Poppy - Flux Music Album Reviews

Poppy - Flux Music Album Reviews
Music has always been just one aspect of the former YouTuber’s cryptic multimedia experience, but Flux makes it finally feel like the most important one.

There’s an entire subgenre of videos dedicated to catching the YouTuber and walking avatar Poppy breaking character. These clips present their findings as a kind of gotcha journalism—watch as Poppy’s soft voice sharpens in response to an unpleasant interview question, or as she laughs through a bit she should be playing straight. The artist and musician born Moriah Pereira dove headfirst into the uncanny valley with her early video work, creating an android-like character whose cheerily flat speech and demeanor felt like a Lynchian satire of vloggers. The Poppy persona was so unsettling that seeing the person behind it briefly appear human was disturbing in its own way, like witnessing a glitch in the matrix. But over the past few years, Poppy’s albums have increasingly offered revealing glimpses of the woman behind the mask. Flux is her most unguarded work yet, and it’s the closest we’ve come yet to meeting the real Poppy.

On 2020’s I Disagree, Poppy flicked a lit match at her YouTube-era identity, charring its edges with chaotic hyperpop and nu-metal riffage. She couldn’t fully burn her former self down, though, at least not when her former creative partner Titanic Sinclair was still involved. (Sinclair co-wrote every song on I Disagree and directed two of its music videos, though he and Poppy had parted ways at the end of 2019 after she accused him of manipulative behavior.) On Flux, she finishes the job. The album’s catharsis feels convincingly raw, and the anarchic genre mashups that could sometimes feel shticky on I Disagree have been subsumed into something more seamless. She’s still a musical polymath, but she’s learned how to channel her omnivorous tastes into a cohesive whole.

Most of the textures Poppy explores on Flux are rooted in rock music, and she spends much of the record sounding more like the frontwoman of a killer band than a pop star. That’s perhaps an inevitable result of recording live in the studio with her touring musicians, a decision that lends the songs a sweaty, electric frisson. Poppy and her band work through excursions into pop-punk, shoegaze, grunge, dream pop, and in a few carefully chosen moments, the metallic fury that served as I Disagree’s calling card. Where that album delighted in smuggling a Slipknot riff into sugary pop like a razorblade in a candy apple, Flux comes by its bursts of heaviness more honestly. At the climax of “On the Level,” Poppy’s self-proclaimed “first love song,” a chugging thrash passage overtakes the mix. It’s overwhelming in the way that falling in love is, channeling that rush of blood that makes your head swim. “Sometimes love will find you, and it comes at the most unexpected of times, and it’s a nice feeling,” Poppy told DIY of her recent engagement to vampiric shock-rapper Ghostemane. “On the Level” invites us to share in that feeling.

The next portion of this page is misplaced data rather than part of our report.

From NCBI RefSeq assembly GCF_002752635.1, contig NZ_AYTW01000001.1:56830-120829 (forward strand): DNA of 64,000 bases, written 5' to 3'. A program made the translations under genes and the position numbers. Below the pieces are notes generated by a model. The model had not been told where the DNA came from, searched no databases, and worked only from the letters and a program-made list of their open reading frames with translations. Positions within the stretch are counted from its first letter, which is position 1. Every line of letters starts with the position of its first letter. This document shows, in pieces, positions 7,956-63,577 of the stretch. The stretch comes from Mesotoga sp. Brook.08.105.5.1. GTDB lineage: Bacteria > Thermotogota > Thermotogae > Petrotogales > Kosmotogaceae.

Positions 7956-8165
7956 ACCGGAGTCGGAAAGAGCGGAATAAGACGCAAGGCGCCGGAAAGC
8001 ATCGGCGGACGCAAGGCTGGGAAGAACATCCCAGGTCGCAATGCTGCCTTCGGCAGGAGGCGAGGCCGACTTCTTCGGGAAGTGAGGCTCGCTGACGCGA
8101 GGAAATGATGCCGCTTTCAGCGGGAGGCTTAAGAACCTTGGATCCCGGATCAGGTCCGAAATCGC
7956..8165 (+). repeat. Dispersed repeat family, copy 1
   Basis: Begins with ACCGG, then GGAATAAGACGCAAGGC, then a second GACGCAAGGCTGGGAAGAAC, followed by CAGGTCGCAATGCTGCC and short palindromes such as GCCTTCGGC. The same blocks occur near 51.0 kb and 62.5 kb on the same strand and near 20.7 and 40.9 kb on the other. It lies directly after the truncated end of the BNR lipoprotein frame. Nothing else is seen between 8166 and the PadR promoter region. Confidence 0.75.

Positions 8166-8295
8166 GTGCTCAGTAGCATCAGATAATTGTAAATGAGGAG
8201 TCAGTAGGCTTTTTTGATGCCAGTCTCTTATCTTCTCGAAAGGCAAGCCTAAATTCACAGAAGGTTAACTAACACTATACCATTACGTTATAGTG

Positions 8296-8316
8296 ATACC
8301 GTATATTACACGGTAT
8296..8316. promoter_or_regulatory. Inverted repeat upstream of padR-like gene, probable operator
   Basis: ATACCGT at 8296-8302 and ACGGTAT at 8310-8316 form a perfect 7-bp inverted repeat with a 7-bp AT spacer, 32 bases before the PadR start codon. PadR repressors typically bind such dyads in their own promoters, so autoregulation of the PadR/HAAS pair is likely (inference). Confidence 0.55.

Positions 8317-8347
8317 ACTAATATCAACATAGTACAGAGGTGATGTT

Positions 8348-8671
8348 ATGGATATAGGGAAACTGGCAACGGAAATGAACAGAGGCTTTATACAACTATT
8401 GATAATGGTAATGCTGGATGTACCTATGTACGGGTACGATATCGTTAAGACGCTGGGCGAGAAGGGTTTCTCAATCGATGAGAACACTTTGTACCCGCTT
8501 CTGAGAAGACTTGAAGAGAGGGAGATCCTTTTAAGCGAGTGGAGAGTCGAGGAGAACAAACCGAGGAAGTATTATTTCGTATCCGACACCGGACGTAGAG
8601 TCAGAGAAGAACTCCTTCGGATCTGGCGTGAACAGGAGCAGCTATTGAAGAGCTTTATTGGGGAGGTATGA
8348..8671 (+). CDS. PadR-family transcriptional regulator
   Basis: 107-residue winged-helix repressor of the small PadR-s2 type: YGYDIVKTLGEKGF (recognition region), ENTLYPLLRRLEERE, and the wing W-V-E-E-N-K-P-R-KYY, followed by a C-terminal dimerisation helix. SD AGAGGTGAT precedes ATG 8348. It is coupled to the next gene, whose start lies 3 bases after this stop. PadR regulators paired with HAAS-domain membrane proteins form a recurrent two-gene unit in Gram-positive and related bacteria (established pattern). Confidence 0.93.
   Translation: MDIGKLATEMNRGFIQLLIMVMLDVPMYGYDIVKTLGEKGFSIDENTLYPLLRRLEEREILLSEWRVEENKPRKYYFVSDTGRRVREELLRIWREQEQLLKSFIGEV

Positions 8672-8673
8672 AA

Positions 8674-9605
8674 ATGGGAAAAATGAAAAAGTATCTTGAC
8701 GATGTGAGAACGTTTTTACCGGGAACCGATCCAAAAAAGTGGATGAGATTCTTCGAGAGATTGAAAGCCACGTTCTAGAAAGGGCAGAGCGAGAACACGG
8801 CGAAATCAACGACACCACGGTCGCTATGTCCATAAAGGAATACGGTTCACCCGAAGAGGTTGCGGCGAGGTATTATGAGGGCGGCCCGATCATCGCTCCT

Elsewhere, Poppy taps into her rage. The vicious pop-punk of “Lessen the Damage” sounds like Paramore with harsh vocals—a “good 4 u” for the Hot Topic set. “Her” is one of several songs that feels like a pointed rebuke of her ousted collaborator: “Give her a taste/Take it away/Under your thumb/Tell her to stay.” Its empowering chorus is a moment of triumph for this new, liberated Poppy, who “picked herself up, put her back together.” Delivering such obviously autobiographical lines in the third person is a canny touch from an artist still in the process of shaking off the character she once played. When the storming metal guitars return deep into the otherwise serene closing track, “Never Find My Place,” Poppy screams “You broke into my life!” over and over. The effect is purifying.

Music has always been just one aspect of the Poppy multimedia experience, but Flux makes it finally feel like the most important one. It’s been a long journey, from going viral with a cotton-candy ASMR video to making the kind of vibrant, sophisticated pop songs that populate the album. Yet every previous version of Poppy—every outdated operating system—informs who she is today. “So Mean” is the only song on Flux where she reverts to her former character’s small, synthetic voice, to ask “How did I get here?” That’s a big question, but with Flux, it feels like Poppy’s finally on her way to answering it.

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About Wanni Arachchige Udara Madusanka Perera

Hey, I'm Perera! I will try to give you technology reviews(mobile,gadgets,smart watch & other technology things), Automobiles, News and entertainment for built up your knowledge.
Poppy - Flux Music Album Reviews Poppy - Flux Music Album Reviews Reviewed by Wanni Arachchige Udara Madusanka Perera on October 06, 2021 Rating: 5


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